Regional and global geopolitics were never the same after these three events and in the following decades, two cold wars unspooled—one between the USA and the former USSR in which Saudi Arabia and Pakistan were aligned with Washington; and the other between Iran and Saudi Arabia for establishing politico-religious primacy in the Islamic world.
Hiro marshals an enormous amount of fact and anecdote as he recounts the manner in which regional and global events unfold — the long-drawn-out Iran-Iraq war (1980-88), the nuclear quest of Pakistan and Iran, and the war for Kuwait (January 1991), followed by the unexpected end of the global Cold War and the implosion of the Soviet Union in December 1991.
The ill-advised US led an attack on Iraq in 2003 and the emergence of Iran and a Shia dominated Iraq — what Hiro describes as “a serious, strategic blunder made by the US President”—add to the rich tapestry. But at the end of the book, it is not as evident as to how the regional cold war is going to play out in the near future.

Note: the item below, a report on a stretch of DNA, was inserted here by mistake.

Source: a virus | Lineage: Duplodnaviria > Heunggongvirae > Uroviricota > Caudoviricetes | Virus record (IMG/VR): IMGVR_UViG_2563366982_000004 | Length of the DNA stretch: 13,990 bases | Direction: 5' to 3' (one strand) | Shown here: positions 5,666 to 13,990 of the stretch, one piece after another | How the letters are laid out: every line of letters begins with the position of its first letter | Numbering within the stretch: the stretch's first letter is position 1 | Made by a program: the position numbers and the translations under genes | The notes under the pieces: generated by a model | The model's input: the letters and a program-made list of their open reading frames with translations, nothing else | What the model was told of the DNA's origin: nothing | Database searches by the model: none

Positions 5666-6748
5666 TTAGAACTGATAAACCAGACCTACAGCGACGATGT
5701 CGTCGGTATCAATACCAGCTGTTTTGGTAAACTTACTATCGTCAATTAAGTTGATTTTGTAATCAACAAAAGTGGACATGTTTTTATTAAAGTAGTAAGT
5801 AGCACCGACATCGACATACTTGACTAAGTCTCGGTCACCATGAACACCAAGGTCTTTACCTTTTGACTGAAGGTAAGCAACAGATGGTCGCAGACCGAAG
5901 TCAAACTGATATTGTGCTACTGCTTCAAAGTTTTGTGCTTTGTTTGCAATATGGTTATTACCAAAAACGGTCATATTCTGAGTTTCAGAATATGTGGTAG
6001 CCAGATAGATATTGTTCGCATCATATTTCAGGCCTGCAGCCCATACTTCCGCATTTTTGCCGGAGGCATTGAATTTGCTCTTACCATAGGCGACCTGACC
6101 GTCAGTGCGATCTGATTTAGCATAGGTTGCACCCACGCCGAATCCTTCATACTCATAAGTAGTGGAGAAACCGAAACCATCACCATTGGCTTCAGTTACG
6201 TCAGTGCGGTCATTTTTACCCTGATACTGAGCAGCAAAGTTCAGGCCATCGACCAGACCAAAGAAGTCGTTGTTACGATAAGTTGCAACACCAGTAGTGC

The concluding section is, indeed, very current and reviews the domestic changes being brought about in Saudi Arabia, but for a book that has almost 900 end notes over 43 pages — the macro-analysis remains blurred. Yes, the world is aware of the tension between Saudi Arabia and Iran — the proxy wars and the ‘toxic rivalry’ that prevails. US President Donald Trump has further roiled the waters with his regional policies. What is the contour of the likely evolution of this bilateral? Will it be determined by sectarian theology alone, or will geopolitics be the dominant determinant? The inherent complexity of the Saudi-Irani relationship, their internal vulnerabilities and the shadow of the external interlocutor add to the tangled and blood-splattered nature of the Cold War in the Islamic World. Hiro is to
be commended for illuminating this opacity.
The writer is director, Society for Policy Studies, New Delhi